Nick Knight column: Alastair Cook looked lonely and vulnerable – England's World Cup selectors have a tough decision to make on Friday

He seemed desperate to convince himself and others he should stay as captain

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The Independent Online

England’s selectors meet on Friday to pick their World Cup squad. The agenda might look like this:

1. Alastair Cook’s role as captain.

2. Lessons from the Sri Lanka tour.

3. The possibility of bringing in new players to invigorate the squad.

Before addressing those questions, it is very easy when on the cusp of another global tournament to get distracted by other nations’ strengths.

For instance, Australia have power-hitters and fast bowlers, as do South Africa. India are full of classy batsman who also bowl, which helps balance the side. Such assets make these sides favourites.

Right now England must pick from their best available resources, which will include an aggressive fast-bowling unit suited to southern-hemisphere conditions and a powerful middle-order with depth.

An example of England suddenly introducing new players might be Jason Roy from Surrey, a very talented and gifted batsman who I’m sure will have a good international career. He is strong and powerful in the mould of Aaron Finch or David Warner for Australia, but rightly or wrongly England have not picked him in this format yet. Now would not be the right time.

After the final game in Sri Lanka when Cook stood in front of all the various media outlets, he looked a lonely, vulnerable figure desperately trying to convince himself and others he should continue as England’s one-day captain. But perhaps his words told us more when he said he could have no complaints about now being left out because he has not played well enough.

If England do drop Alastair, I would have great empathy with him, having been left out of the team at the 1999 World Cup. At the time I was inconsolable but with hindsight even I could understand some of the rationale.

While Cook’s form has been poor, so, too, has that of the other senior players, in particular Eoin Morgan. He has a fine pedigree in this format but in the last year has seemed unable to recapture his best form.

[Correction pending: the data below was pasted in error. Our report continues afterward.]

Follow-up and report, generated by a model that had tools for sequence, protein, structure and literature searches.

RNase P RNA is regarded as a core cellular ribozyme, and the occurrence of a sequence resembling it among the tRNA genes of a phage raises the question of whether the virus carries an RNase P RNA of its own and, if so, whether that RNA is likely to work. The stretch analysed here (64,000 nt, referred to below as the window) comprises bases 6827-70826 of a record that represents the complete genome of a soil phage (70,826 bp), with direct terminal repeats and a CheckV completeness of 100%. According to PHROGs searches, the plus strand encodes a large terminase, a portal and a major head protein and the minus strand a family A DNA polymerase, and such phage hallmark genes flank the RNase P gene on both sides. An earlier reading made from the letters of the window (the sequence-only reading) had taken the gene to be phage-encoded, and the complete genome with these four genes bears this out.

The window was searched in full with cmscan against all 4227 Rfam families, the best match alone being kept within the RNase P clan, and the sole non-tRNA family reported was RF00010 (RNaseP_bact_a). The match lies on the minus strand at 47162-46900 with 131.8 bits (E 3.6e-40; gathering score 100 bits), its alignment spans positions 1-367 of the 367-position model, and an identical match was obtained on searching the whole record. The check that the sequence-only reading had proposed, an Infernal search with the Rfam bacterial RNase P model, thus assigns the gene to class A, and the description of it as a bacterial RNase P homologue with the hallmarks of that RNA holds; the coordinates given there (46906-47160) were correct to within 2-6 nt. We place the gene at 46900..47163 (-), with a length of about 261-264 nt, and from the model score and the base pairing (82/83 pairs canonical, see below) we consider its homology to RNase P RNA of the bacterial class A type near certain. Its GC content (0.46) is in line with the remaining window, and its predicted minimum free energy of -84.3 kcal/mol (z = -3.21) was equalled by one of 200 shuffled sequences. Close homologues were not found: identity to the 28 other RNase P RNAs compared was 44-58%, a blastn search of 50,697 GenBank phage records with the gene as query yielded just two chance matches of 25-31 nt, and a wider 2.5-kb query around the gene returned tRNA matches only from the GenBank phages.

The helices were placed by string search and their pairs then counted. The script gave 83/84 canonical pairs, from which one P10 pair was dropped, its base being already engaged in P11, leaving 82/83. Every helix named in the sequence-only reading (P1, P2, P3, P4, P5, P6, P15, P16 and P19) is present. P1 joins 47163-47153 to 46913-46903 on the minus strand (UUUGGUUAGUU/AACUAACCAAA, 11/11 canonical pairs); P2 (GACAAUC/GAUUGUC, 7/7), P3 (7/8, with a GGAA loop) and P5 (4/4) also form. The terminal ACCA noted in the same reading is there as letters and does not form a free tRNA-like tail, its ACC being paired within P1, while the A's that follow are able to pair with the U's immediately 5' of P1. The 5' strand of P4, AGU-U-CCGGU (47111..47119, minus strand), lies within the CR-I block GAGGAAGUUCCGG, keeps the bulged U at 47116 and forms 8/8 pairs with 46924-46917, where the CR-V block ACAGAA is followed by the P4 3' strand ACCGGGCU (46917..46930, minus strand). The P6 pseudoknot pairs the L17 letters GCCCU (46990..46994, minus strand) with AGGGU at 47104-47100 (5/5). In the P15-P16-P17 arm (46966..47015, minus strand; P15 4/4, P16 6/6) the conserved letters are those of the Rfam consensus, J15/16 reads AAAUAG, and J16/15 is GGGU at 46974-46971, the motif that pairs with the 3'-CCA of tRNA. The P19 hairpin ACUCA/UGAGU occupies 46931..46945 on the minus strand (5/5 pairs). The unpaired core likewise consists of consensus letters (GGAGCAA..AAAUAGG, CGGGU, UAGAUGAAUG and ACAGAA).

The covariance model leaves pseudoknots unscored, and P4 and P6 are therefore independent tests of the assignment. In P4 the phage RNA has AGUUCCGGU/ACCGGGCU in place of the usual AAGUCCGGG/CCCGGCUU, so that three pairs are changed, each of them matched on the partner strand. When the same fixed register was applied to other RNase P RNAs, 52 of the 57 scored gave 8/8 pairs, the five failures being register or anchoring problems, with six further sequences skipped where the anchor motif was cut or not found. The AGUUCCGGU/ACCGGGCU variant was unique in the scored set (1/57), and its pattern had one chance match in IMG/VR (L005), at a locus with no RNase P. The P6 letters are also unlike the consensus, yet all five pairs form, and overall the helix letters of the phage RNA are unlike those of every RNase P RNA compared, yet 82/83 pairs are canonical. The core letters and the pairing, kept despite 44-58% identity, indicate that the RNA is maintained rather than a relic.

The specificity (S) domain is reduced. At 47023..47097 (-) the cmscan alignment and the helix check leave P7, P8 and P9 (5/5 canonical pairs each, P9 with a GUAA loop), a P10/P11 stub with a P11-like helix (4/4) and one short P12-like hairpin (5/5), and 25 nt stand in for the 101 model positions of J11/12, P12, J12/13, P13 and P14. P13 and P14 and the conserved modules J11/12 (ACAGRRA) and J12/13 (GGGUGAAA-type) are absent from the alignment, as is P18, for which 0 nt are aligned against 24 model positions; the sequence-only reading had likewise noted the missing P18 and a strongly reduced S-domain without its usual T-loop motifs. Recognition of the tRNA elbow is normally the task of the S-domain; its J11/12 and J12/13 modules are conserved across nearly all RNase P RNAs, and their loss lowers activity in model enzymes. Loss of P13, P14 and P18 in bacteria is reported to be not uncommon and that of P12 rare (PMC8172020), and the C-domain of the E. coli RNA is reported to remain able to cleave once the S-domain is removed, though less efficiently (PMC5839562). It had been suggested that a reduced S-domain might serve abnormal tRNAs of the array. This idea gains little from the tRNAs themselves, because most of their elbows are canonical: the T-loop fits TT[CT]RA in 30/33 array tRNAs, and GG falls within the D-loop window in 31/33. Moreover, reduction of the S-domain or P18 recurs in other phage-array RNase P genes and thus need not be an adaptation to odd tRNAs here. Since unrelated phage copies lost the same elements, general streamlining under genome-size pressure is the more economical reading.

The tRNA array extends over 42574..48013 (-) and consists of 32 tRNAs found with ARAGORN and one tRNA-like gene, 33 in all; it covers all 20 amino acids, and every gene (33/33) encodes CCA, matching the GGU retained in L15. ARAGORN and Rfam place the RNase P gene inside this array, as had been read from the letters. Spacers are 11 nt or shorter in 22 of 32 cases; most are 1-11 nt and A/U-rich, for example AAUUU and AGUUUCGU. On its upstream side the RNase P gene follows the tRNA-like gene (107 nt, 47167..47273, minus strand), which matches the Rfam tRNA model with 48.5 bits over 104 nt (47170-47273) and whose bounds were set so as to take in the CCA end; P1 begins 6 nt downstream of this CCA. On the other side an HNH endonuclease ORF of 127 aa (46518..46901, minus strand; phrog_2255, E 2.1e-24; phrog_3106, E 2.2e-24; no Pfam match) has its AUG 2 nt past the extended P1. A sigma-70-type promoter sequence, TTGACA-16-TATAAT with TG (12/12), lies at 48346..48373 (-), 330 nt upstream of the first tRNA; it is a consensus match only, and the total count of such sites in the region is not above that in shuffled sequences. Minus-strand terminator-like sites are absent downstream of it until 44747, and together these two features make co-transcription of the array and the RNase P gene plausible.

His position in the line-up has changed to try to bring the best out of him. England will not drop him at this stage, and nor should they, but the selectors will hope the faith shown will be repaid in the World Cup.

If the selectors jettison Cook then Morgan would likely be captain, a strong character who even with his own struggles would have the respect of the team.

Although the series was lost in Sri Lanka, some clarity has still emerged, with Chris Woakes a shoo-in for the squad and even the final XI.

Woakes has bowled well at the start of the innings in the batting powerplay and at the end of the innings. He might also have overtaken Steven Finn if everyone is fit. Chris Jordan also had a productive month away, showing his return to more disciplined bowling but not at the expense of his pace.

So the attack for the first game against Australia on 14 February might be Jimmy Anderson, Stuart Broad, Woakes, Jordan and Moeen Ali, with Joe Root and Ravi Bopara to help out. James Tredwell’s inclusion deserves thought. England may feel conditions work against him.

James Taylor’s last-minute inclusion in the team in Sri Lanka and subsequent success means he should start at No 3. He is a player with much domestic one-day pedigree and genuine self-belief in his methods.

Root will bat at four, Morgan at five, Bopara at six and Jos Buttler at seven. That represents a strong middle-order.

But the selectors’ biggest and hardest decision  still remains: who should be captain?